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The View from the PowerPoint Perch

I am a PowerPoint volunteer at my church. It is a kind of invisible job, but it is far-reachng in scope. I do it about once a month, sitting behind a narrow desk on the front edge of the balcony. I sit below and in front of the sound desk so the people behind me cannot see me and the people downstairs cannot see me either, that is, unless they are sitting in the front row and take the trouble to turn and crane their necks, but they hardly ever do, so I am sort of personally invisible.

But the results of my work are very much visible. The people are dependent on the PowerPoint slides to be able to sing the words of the songs. If I make a mistake and punch the wrong slide everyone sees it and I feel horrible. I promise you, I am nervous every time my turn comes up.

Now, all that being said … this morning was Easter morning and I got to do PP for both early and late service. Easter at Belmont is always good. For one thing it is resurrection day. For another thing the whole church is a pool of love, for me it is anyway. And for another thing we have choir, drum line and bagpipes. Choir at Belmont is not an every Sunday thing so it is always nice when we do have it. As for the drum line, you are saying, ‘you’re kidding, a drum line in church?‘ Yes, a drum line in church. They have been doing this for quite a few years. The first time I experienced the Belmont Easter drums I wept all the way through it—the kind of weeping that hurts behind the eyes and down the jaw line. I guess the pain comes of holding it back. Somehow we have to hold it back in public, don’t we? Then I wept all the way home plus every time I thought of it, no matter where I was, for about three weeks. Would you believe a bunch of guys skillfully beating on field snares and bass drums can remind one that our Lord and Savior Jesus Christ was raised from the dead. Well, it can and very effectively.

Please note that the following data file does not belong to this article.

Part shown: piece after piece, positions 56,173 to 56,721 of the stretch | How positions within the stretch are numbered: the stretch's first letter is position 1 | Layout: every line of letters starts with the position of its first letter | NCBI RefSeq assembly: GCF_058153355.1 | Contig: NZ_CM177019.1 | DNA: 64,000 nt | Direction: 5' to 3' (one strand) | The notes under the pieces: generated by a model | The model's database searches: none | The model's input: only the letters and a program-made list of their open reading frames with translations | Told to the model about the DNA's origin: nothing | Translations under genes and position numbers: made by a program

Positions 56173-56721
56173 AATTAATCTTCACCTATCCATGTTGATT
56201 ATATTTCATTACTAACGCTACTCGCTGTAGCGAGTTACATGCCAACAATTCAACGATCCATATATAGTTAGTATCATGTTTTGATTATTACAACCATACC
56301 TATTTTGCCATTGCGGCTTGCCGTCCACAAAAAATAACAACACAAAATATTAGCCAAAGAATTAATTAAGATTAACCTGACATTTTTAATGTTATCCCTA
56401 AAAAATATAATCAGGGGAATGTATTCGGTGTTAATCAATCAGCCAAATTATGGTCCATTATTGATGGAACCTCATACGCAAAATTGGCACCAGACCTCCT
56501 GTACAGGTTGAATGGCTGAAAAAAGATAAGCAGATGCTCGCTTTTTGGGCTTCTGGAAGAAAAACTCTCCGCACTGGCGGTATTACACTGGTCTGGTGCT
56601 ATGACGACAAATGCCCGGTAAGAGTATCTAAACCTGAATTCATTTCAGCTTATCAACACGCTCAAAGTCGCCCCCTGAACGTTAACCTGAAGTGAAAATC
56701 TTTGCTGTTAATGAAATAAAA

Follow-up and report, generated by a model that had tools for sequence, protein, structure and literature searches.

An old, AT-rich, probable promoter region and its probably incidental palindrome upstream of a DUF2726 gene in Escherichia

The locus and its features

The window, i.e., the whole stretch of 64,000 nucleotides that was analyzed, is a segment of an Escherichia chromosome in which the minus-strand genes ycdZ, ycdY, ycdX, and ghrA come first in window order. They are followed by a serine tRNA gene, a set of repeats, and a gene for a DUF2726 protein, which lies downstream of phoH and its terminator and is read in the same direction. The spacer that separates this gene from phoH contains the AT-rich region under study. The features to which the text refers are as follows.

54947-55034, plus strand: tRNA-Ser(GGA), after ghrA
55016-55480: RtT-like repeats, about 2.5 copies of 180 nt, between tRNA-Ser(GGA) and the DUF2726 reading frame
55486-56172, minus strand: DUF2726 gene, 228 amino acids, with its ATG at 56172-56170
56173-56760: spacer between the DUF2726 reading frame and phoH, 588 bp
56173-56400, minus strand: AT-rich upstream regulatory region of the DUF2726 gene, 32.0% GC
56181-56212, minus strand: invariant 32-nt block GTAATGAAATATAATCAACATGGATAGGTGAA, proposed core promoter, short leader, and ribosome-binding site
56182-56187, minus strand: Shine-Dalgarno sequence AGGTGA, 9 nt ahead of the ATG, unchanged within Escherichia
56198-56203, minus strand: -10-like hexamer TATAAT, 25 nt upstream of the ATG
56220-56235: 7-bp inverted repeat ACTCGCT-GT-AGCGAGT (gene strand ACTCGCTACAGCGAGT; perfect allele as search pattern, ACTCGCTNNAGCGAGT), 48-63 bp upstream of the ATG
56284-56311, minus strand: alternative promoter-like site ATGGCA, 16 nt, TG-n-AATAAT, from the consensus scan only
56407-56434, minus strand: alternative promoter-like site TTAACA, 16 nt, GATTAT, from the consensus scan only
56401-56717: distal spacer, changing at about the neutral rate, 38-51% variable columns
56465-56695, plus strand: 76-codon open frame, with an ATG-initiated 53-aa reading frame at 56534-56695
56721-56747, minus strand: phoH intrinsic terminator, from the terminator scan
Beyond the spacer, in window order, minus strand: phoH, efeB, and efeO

Now for the bagpipes. There’s a man in our town named Jay Dawson who has given himself to the pipes. I say given himself because I know he would have had to so to master such an esoteric musical instrument. Jay used to do such things as conducting symphony orchestras and such. I don’t know how much he does that anymore but I do know I am really glad he took up the pipes. He plays to the glory of God. And God is glorified by his playing.

And so this morning after the pastor pronounced benediction, in Hebrew no less, our director, McLauren Foster, raised her hand towards the back of the auditorium and signalled our piper. If you have never heard “Christ the Lord is Risen Today” on the bagpipes, well you simply must resolve to hear it next year. So come. You will laugh, you will cry, you will want to fight somebody.

Christ is risen. He is risen indeed.